Up Configure and deploy

Two-tier deployment

Last modified on September 18, 2012 12:33

In a DevForce application, a two-tier deployment is one in which the client tier communicates directly with the data tier, without the intervention of an application server tier.



This is the simplest of the deployment options, since there are fewer "moving parts" to worry about.  Generally your data tier is on one or more separate physical machines, but it need not be.

Client application

Without an application server, the responsibilities of the service tier are reduced, and packaged with the client application.  The EntityManager will still communicate with an EntityServer to authenticate users and query and save entities, but the EntityServer will be deployed locally, not as a service but as part of the AppDomain in which the application runs.

Your client tier might be a WinForms, WPF or console application, or a Windows Service.  An ASP.NET application which does not require that the EntityServer be exposed as a service can also be considered a two-tier client application.

Files and assemblies

The following assemblies are always required:

IdeaBlade.Core.dll
IdeaBlade.EntityModel.dll
IdeaBlade.EntityModel.Edm.dll
IdeaBlade.EntityModel.Server.dll
IdeaBlade.Linq.dll
IdeaBlade.Validation.dll

You can use ASP.NET security in a two-tier application.  If so, you'll also need:
IdeaBlade.EntityModel.Web.dll  

You'll usually need your .config file too:
app.exe.config (or web.config)

If you're deploying a Code First model, you'll also need the following:

EntityFramework.dll
IdeaBlade.Aop.dll
PostSharp.dll

You'll of course also need all of your own assemblies and other files needed by your application.

You may place the DevForce assemblies in the GAC, although there's generally no compelling reason to do so, unless you have a large number of DevForce applications installed and they are all using the same DevForce version.

You do not need to, and in most cases should not, install DevForce to the target machine. Runtime license information is found in your model assembly and not the registry. 

The config file

A typical configuration file will contain <connectionStrings> and <ideablade.configuration> sections, although neither is strictly required.

No part of the <ideablade.configuration> section is required, and can be removed altogether if you are not using it and can rely on DevForce defaults.

Connection information

You'll usually need the <connectionStrings> for any databases your application uses.  (You can also use <edmKeys> instead of or in addition to connectionStrings, but they may be deprecated in the future.)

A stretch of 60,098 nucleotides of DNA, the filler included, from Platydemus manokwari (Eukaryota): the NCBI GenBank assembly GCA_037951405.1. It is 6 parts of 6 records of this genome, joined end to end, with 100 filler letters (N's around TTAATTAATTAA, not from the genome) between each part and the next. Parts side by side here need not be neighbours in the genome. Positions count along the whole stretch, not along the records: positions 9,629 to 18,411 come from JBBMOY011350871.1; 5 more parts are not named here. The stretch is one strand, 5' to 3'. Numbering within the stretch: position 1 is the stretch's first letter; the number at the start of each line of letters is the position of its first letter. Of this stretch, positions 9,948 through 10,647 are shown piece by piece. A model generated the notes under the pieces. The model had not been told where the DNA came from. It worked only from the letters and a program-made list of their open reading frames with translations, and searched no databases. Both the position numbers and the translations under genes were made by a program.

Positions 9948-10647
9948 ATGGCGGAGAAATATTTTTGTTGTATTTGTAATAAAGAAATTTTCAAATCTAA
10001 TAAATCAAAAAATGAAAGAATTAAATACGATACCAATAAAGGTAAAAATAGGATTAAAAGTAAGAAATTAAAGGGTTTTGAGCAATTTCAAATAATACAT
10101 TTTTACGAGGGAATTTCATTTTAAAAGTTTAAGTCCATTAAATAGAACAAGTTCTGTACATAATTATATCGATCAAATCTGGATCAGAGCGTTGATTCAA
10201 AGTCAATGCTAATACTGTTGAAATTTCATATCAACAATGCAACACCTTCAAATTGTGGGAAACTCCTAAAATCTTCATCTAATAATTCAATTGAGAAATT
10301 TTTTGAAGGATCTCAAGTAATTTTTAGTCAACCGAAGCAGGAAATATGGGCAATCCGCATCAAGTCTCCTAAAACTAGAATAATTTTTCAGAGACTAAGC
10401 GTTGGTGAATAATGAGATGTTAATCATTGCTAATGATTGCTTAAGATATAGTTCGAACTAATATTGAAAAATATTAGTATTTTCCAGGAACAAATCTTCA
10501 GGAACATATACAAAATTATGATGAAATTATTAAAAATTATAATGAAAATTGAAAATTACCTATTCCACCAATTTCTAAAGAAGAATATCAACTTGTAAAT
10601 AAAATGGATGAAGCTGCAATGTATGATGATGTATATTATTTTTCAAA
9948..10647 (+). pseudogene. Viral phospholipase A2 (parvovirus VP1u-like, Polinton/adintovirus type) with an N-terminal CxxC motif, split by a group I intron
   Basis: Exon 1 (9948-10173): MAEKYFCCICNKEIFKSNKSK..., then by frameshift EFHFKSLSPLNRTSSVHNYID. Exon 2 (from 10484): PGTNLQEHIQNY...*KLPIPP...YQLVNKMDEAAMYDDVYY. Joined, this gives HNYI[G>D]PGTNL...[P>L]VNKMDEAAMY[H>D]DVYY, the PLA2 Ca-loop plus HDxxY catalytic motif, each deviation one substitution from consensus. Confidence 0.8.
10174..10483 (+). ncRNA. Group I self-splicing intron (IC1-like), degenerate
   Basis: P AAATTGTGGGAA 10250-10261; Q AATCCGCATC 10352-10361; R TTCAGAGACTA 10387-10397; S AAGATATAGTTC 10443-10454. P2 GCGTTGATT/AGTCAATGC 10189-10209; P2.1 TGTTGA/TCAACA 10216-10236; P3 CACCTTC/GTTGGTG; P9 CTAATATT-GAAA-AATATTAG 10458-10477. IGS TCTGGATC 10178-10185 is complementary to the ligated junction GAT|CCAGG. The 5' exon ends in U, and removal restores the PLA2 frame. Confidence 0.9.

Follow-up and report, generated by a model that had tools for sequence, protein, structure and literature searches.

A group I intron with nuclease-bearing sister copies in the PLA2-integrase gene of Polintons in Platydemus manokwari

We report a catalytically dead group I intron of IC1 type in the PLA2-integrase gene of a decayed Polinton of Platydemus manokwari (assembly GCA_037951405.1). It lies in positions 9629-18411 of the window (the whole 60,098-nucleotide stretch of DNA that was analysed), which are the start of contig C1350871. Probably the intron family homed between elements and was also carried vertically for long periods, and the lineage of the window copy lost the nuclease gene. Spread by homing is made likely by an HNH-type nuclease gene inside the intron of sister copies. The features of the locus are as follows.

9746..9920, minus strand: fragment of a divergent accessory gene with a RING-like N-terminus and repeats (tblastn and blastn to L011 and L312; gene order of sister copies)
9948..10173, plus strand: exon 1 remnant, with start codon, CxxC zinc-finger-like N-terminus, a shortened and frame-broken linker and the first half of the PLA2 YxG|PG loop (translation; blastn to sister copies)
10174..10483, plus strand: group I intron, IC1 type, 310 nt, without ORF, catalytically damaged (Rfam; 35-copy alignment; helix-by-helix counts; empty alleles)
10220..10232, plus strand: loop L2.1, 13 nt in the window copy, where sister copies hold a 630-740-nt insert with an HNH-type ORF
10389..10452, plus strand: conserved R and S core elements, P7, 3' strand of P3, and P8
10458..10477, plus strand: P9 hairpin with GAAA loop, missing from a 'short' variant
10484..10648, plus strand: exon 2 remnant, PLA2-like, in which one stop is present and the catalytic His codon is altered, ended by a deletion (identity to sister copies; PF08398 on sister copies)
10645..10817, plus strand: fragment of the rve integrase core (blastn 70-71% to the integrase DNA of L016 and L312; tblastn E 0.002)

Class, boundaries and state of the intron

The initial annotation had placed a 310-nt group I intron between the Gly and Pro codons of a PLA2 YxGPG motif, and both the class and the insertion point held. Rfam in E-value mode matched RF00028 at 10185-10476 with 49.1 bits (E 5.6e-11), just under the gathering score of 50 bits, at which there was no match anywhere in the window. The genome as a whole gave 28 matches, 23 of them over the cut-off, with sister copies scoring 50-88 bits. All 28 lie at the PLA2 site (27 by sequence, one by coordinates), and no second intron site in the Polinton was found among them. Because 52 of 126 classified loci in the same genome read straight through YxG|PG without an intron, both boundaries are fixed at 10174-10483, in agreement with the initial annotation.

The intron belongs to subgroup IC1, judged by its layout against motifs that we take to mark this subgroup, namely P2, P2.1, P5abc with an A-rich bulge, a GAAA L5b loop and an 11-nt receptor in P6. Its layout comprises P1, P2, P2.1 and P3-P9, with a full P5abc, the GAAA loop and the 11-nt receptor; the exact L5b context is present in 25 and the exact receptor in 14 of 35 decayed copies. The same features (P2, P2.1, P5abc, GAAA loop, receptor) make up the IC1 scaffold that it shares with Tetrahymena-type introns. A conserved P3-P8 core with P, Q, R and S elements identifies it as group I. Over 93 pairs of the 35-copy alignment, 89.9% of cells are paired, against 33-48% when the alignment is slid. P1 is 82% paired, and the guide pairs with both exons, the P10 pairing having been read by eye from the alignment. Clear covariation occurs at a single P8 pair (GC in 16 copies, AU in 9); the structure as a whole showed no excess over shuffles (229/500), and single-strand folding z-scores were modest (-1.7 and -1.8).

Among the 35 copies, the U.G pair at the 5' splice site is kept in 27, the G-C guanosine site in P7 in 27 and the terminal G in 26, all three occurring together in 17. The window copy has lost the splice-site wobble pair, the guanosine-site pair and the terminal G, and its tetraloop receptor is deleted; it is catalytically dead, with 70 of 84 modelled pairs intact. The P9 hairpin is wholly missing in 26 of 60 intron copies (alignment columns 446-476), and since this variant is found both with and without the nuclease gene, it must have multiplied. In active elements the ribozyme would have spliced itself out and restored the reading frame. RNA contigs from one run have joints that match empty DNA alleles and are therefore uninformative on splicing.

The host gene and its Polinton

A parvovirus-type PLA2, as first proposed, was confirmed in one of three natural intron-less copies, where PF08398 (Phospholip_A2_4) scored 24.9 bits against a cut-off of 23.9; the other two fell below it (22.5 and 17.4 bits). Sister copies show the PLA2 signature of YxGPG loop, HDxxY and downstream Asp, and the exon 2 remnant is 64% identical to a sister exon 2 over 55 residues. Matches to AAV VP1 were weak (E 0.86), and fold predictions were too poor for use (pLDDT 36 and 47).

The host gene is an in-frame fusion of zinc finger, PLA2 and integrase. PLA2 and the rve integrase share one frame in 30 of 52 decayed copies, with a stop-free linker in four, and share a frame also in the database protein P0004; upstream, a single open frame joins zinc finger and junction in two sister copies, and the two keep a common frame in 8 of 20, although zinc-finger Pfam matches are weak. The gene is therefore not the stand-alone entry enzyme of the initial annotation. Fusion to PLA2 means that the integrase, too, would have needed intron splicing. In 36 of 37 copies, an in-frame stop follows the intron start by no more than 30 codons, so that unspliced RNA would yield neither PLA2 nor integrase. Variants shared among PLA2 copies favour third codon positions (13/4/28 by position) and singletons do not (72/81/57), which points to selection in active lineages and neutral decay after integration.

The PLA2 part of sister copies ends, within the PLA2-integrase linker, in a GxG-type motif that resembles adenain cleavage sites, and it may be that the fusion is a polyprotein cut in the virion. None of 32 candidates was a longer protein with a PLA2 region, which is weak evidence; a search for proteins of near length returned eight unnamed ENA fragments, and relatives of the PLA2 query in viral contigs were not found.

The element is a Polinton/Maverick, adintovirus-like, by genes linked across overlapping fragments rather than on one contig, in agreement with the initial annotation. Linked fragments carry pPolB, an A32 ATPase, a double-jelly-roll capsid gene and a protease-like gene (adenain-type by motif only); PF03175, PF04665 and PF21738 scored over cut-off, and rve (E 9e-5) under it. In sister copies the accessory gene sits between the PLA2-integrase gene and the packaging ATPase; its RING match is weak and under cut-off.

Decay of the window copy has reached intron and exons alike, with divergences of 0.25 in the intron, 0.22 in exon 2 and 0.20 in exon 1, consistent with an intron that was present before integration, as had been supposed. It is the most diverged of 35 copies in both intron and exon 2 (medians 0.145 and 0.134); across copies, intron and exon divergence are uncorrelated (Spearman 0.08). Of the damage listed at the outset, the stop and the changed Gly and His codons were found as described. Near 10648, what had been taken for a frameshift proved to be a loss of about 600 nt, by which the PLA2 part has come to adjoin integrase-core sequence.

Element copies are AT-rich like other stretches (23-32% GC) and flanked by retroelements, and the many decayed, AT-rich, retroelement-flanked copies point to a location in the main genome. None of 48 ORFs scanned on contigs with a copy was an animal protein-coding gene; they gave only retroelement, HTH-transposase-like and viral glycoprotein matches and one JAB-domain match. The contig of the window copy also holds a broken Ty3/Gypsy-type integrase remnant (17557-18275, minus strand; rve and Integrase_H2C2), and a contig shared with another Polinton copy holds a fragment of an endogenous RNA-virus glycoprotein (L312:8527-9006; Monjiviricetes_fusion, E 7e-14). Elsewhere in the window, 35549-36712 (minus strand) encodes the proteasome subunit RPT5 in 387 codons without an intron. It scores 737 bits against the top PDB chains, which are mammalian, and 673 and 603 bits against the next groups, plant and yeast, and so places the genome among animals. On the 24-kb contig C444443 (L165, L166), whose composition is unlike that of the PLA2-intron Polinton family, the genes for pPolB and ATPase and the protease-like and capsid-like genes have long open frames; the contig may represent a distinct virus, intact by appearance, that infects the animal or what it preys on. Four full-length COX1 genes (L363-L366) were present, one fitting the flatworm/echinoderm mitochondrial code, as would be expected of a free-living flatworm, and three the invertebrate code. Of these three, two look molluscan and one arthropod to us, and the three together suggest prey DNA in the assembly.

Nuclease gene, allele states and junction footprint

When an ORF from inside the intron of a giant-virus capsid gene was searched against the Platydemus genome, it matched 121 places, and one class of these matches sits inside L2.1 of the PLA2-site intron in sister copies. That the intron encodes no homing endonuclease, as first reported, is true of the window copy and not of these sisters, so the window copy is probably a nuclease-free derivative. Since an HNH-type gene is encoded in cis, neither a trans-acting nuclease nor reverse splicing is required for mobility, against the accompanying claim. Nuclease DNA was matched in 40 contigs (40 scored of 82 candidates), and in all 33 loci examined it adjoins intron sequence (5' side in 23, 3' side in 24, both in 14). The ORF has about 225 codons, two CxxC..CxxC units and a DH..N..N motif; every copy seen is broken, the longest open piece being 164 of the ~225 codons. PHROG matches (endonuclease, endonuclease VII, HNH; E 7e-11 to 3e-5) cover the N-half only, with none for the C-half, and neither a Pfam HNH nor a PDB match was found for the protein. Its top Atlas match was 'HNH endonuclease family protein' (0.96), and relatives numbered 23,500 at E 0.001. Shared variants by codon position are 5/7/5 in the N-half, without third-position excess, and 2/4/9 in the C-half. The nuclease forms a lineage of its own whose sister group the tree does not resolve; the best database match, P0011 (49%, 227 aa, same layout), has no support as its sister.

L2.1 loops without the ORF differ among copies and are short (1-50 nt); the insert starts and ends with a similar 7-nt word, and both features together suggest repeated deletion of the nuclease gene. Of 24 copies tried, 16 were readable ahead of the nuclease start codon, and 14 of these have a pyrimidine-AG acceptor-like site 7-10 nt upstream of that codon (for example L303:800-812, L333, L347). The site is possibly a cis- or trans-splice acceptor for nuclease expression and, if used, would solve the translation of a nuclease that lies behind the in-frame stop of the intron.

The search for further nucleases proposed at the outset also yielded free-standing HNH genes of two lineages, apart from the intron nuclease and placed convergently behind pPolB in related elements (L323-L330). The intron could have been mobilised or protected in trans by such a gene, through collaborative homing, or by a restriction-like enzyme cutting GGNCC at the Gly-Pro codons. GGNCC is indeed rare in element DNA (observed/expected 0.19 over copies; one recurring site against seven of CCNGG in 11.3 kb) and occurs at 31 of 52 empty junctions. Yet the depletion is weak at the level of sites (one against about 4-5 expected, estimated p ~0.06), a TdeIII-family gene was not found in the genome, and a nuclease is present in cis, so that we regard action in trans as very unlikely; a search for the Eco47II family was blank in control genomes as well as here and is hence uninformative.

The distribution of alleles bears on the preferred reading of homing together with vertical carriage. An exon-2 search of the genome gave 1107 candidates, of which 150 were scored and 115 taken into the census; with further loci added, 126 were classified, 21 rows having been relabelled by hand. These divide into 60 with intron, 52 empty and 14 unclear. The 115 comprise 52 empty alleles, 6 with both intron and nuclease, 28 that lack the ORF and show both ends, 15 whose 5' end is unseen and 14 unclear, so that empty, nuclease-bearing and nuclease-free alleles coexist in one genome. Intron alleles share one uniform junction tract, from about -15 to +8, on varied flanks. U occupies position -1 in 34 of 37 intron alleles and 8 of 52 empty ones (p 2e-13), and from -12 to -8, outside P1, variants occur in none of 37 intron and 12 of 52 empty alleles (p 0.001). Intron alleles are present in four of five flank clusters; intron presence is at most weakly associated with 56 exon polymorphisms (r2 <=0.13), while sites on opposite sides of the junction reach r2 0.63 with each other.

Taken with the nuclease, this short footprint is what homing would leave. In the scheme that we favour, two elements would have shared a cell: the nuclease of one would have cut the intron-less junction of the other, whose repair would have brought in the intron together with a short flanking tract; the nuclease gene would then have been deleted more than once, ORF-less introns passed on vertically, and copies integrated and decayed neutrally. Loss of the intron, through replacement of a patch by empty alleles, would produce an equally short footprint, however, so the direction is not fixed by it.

Remember the credential information in the connection string:  if you must include a userid and password you may want to think about encrypting the connection strings section.  Using Windows integrated security is often a better approach.

If you are using a custom DataSourceKeyResolver  to dynamically provide connection information, you will not need to define connection information in the config file.

Logging

You can use the <logging> element to set the file name and location of the debug log, or to turn logging off altogether.  You also might want to archive log files.  Generally other logging attributes are not needed, or used only for debugging purposes.

A typical config file might contain the following:

XML
<logging logFile="log\DebugLog.xml" archiveLogs="true" />

... to place the file in a sub-folder named log and archive files automatically.

Also see the Log topic for more information.

ObjectServer

You will not of course be communicating with a remote EntityServer, and frequently the <objectServer> element is not needed at all.  You may find it useful if you wish to modify the login-related settings for allowAnonymousLogin and loginManagerRequired.  Remember that the config file is not secure, so you may instead want to set these in your application code via the IdeaBladeConfig.Instance  when the application starts.  

All other settings for the <objectServer> element and sub-elements are not pertinent to a two-tier deployment.

Packaging for deployment

The computers on which you deploy the application likely have the .NET Framework 4.5 already installed or you will install it as part of your deployment.  

Generally client applications are installed via an installer or a ClickOnce deployment.  

The data tier

We don't really have much to say about your database(s) and leave its configuration to you and your DBA.  You should consider security, however, both in terms of connection information on the client, access accounts, and transmission security.  DevForce imposes no special requirements on the data tier.

Security

Remember that a client application deployed to a user's workstation can be compromised.  Its code can be disassembled, its configuration, log and other files peered at, and its communications with the database intercepted.

See the Security topic for more information on steps you can take to secure your client application.

Created by DevForce on March 02, 2011 15:11

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